Impressed? Just wait until you get a load of this next number: Over half of all private hospital beds are managed out of Nashville.
Indeed, the region is home base for over 500 health care companies, which generate over $92 billion a year and account for over a half million jobs. That includes giants like Hospital Corporation of America and Community Health Systems. Together, they operate nearly 300 hospitals and surgical centers in the U.S. and U.K. It isn’t just the big players reaping the rewards. Nashville-area healthcare startups attracted $1.6 billion dollars in investment from 2005-2015. One such startup, Intermedix, made a $460 million dollar exit last year.
Get the picture? The Owen School certainly does. Each year, 16% to 20% of their students enter the healthcare field after graduation – more than double the rate of any full-time MBA program. It certainly doesn’t hurt that the Vanderbilt Medical Center, one of the nation’s largest hospital complexes, is just five minutes down 21st Avenue from Owen. Such connections are just one of the inherent advantages enjoyed by Owen grads who complete a healthcare concentration.
“It’s just the place to be,” says Owen’s Christie St. John, Owen’s MBA admissions director in an interview with P&Q. “Why would you want to be anywhere else? Because you’ve got personalized attention — personalized services. All the alums, all the companies are right here at your fingertips.”
Indeed, the healthcare industry is changing rapidly in ways that are particularly attractive to MBAs observes Owen Dean Eric Johnson. Notably, it has grown increasingly “professionalized,” he says in a 2018 Q&A with P&Q. By that, he means that they now involve more complexity, where an MD doesn’t cover the specialized training in areas like finance to run a large organization. At the same time, Johnson adds, healthcare delivery is pivoting more towards MBA strengths.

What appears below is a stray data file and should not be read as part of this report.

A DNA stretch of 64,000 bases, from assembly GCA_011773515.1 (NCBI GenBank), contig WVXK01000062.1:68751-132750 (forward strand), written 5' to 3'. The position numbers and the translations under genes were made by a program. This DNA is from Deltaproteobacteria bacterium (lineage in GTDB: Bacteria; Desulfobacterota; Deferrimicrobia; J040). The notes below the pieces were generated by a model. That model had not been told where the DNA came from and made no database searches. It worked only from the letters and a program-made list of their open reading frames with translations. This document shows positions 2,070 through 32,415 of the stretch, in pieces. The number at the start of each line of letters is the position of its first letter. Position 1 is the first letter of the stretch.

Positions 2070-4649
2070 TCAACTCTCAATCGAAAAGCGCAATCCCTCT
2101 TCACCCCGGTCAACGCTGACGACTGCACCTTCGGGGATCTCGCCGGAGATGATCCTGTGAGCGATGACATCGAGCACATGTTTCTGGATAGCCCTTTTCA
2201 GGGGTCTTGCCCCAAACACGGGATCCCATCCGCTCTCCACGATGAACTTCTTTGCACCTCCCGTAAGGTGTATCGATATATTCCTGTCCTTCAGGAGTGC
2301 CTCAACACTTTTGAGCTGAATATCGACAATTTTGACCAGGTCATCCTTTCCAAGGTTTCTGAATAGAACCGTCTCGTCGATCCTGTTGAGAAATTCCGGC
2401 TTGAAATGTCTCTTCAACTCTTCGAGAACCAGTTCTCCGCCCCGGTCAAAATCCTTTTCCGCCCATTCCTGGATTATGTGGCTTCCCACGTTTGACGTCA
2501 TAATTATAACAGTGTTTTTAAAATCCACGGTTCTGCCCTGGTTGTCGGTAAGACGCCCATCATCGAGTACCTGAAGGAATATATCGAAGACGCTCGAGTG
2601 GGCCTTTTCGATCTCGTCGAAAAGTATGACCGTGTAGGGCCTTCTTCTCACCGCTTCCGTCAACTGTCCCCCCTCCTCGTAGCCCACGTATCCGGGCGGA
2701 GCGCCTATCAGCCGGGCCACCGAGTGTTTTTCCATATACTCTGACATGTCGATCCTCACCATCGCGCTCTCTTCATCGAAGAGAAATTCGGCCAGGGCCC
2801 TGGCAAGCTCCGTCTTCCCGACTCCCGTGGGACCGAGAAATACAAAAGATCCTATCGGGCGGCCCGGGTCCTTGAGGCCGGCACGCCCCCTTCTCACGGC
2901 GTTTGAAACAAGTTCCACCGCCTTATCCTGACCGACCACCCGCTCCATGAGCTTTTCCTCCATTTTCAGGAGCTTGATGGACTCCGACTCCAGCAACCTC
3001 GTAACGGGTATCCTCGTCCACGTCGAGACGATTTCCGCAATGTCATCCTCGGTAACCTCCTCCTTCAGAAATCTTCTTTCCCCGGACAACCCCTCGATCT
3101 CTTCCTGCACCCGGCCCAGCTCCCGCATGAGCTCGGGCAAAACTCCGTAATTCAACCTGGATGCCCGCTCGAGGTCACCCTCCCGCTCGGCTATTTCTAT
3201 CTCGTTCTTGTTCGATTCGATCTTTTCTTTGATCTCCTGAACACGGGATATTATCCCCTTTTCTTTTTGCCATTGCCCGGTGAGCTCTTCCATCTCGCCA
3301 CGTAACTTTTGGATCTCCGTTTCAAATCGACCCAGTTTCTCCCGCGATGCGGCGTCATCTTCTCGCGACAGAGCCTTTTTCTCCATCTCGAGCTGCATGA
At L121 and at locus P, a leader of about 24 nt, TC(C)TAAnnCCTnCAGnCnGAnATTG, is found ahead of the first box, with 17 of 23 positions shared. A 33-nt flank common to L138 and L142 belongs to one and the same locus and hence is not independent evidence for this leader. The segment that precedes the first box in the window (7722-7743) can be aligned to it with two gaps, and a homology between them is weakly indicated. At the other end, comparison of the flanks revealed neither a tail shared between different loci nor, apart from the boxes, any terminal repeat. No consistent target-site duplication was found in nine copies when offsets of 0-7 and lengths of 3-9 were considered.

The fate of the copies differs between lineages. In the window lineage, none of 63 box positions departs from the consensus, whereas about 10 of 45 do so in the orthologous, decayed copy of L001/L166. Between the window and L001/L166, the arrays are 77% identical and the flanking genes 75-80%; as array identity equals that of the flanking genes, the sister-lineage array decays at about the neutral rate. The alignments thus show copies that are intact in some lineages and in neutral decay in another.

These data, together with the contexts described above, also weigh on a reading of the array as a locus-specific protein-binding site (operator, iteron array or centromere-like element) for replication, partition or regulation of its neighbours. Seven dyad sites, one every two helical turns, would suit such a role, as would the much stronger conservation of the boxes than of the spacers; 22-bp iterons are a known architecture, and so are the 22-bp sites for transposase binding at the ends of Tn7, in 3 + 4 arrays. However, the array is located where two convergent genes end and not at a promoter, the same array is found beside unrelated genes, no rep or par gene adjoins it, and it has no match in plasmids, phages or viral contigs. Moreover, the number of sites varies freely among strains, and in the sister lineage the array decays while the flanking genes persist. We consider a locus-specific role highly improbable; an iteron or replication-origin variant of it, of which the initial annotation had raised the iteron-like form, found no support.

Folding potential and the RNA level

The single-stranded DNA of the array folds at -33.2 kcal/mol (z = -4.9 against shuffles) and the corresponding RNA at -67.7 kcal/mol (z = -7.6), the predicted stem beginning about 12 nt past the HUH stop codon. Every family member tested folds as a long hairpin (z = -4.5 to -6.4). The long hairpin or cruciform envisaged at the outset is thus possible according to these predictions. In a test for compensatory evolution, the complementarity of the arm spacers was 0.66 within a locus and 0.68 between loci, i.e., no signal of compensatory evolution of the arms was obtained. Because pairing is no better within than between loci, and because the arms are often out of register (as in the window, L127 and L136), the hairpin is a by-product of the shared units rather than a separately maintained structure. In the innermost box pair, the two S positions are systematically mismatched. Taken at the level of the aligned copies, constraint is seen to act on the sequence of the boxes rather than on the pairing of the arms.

“The U.S. health care system is in a constant state of churn, and it’s creating a lot of opportunities to roll up all kinds of specialties. For example, anesthesiologists, emergency room doctors, whatever, they get bundled up as a service sold back to hospitals. It’s very much a roll up kind of industry right now, and that’s an MBA sweet spot. MBAs love conquering the world, rolling up an industry and a very fragmented industry at that.”
Such opportunities leave the school poised for a major jump in prestige and value in the coming years. Of course, an Owen healthcare concentration isn’t your standard classroom fare. If MBA candidates want to study healthcare at Owen, they’ll need to get their hands dirty. That’s why the program opens with an immersion, where students shadow doctors, nurses, and patients, witnessing everything from surgeries to check-ups. In the process, they gain an understanding of the daily routines that stakeholders follow and the issues they encounter. Such exercises give Owen graduates the tools to sharpen their decision-making and provide the know-how needed to truly adapt and innovate in a fast-moving industry.
“Owen allowed me to come in with somewhat of a head start,” adds Jameson Norton (’15), CEO at Vanderbilt Psychiatric Hospital and Clinics and executive director at Vanderbilt Behavioral Health. “We’re talking a lot about how things are evolving and you’re able to learn about some of the potential disrupters and the ways that things are transforming. That helps you anticipate where things are moving. It gives you a vision for where we’re headed.”